Description: Adult males measure 39.3-41.6 mm SVL. Finely granular dorsal skin. Ventral skin is smooth on the throat, but coarsely granular on the abdomen. Head is wider than moderately slender body. Eyes are large and prominent. Pupils are horizontal. Rounded snout in dorsal view, nearly truncate in lateral profile with very slightly protruding upper jaw. Canthus rostralis slightly curved; loreal region somewhat concave. Nares closer to tip of snout than to eyes. Tympanum small with distinct annulus. Supratympanic fold runs from posterior orbit to above the axilla. Flared lips. Choanae small and circular. Vomerine teeth lie in two moderate-sized groups. Fleshy ovoid tongue. Relatively short limbs. Fingers are moderately long (Finger III>IV>II>I) and toes are long (Toe IV>III>V>II>I). Both fingers and toes have fleshy opaque webbing, as well as prominent terminal discs with circum-marginal grooves. Webbing on fingers is a narrow strip between Fingers I and II, but reaches to the penultimate phalanx on the outer edges of Fingers II-III, the third phalanx on the inner edge of Finger III, and to Finger IV's disc. Webbing on toes extends to the penultimate tubercle on Toe I; the penultimate phalanx on the inner edge of Toe II; the disc on the outer edge of Toe II; the penultimate phalanx on the inner edge of Toe III; the disc on the outer edge of Toe III; the penultimate phalanx on both sides of Toe IV, and the disc on the inner edge of Toe V. Dermal flanges are present on Toes III-IV, extending to the disc. A small ovoid metatarsal tubercle is present at the base of Toe I. The proximal third of the femur bears distinct, rounded tubercles on the ventral surface. Males have indistinct, unpigmented nuptial pads and vocal slits (Richards et al. 2009).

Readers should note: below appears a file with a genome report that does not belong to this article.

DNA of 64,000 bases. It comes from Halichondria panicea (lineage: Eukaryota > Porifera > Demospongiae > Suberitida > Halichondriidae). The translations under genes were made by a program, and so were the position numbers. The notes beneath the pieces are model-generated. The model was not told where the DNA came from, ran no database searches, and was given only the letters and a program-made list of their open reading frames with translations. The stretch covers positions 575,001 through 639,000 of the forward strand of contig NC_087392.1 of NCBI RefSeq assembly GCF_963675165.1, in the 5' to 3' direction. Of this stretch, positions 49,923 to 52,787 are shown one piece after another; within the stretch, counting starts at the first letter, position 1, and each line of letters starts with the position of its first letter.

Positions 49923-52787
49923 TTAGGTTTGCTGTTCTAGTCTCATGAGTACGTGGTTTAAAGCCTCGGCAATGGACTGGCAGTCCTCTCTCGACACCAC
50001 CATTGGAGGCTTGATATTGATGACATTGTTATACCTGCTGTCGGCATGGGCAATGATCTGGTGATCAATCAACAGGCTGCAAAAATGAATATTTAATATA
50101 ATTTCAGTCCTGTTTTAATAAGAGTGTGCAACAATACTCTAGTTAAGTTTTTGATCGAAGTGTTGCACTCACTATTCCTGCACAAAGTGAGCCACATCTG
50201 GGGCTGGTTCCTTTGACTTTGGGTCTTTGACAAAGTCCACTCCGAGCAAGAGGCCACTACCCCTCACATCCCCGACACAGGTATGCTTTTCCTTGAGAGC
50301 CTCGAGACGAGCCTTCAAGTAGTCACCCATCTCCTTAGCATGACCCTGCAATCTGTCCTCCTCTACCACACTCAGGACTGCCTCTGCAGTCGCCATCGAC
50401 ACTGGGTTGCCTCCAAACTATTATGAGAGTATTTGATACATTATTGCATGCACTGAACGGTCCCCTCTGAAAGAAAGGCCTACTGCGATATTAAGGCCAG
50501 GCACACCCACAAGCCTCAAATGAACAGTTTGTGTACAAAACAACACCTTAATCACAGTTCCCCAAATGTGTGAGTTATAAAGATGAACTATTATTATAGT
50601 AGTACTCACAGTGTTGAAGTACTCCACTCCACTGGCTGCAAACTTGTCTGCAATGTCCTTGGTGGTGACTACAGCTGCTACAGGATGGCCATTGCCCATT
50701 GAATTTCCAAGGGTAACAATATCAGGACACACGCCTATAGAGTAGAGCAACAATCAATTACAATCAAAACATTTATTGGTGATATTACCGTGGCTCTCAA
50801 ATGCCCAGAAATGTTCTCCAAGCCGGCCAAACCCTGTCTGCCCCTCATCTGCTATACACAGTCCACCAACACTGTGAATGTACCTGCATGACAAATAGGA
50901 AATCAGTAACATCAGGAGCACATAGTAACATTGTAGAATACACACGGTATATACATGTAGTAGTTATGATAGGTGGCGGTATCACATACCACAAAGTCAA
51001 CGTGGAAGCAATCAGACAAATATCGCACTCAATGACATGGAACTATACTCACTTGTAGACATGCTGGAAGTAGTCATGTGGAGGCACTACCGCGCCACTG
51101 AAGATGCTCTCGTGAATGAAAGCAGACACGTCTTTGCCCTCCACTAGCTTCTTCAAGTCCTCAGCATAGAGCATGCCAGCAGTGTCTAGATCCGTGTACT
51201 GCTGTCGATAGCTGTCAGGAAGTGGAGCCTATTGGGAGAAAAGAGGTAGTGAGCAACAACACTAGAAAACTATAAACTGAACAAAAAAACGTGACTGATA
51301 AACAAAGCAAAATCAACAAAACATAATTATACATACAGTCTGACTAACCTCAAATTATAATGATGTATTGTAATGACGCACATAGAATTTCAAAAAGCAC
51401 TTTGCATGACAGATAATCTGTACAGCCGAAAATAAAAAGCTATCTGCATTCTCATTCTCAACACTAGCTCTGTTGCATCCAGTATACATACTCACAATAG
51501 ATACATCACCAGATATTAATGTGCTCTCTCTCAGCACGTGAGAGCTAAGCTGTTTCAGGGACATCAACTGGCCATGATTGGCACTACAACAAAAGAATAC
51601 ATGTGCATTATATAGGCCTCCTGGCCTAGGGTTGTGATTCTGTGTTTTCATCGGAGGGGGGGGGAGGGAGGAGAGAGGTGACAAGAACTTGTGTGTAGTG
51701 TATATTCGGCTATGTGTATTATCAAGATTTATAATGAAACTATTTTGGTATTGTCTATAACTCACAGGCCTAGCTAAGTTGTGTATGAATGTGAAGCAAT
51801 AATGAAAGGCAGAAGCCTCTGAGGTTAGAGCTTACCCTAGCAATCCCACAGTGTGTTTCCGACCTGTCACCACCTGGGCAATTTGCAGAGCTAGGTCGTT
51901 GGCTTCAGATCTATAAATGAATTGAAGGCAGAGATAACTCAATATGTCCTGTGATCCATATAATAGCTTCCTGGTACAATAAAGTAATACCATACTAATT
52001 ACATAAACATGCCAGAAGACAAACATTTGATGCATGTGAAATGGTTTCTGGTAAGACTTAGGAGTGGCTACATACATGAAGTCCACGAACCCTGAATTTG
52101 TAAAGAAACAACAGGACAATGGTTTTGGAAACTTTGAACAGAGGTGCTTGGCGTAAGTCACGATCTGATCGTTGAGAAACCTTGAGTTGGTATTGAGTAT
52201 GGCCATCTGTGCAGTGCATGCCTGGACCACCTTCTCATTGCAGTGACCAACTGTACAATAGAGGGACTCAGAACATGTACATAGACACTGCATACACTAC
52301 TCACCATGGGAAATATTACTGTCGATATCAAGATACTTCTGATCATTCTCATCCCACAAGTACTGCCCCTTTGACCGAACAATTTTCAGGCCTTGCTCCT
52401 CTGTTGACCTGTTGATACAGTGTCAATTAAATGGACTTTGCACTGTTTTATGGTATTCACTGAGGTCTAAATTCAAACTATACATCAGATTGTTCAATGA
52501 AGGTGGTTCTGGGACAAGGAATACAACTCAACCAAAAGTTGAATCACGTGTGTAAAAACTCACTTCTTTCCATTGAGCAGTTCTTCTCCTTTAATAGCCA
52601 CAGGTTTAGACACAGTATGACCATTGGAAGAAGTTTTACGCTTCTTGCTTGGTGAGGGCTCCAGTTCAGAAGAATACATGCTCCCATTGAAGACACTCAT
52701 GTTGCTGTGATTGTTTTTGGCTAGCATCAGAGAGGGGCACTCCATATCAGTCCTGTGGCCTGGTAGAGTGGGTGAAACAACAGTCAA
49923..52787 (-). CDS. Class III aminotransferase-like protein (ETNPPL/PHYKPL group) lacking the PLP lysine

In life, the dorsal surfaces are bright green with yellow spots of varying sizes. Hidden surfaces of thighs, groin and axillary areas are bright orange. Lateral surfaces are mottled green and yellow dorsolaterally, shading to mottled green and white ventrolaterally. Small brown blotches in the subocular region. Toes and fingers are mostly white with a few green patches on the dorsal surfaces. White dermal fringes on arm and tarsus. Distinct white dermal ridge below vent. Scattered white tubercles below vent and thighs. Venter is white. Iris is white with brown vermiculations (Richards et al. 2009).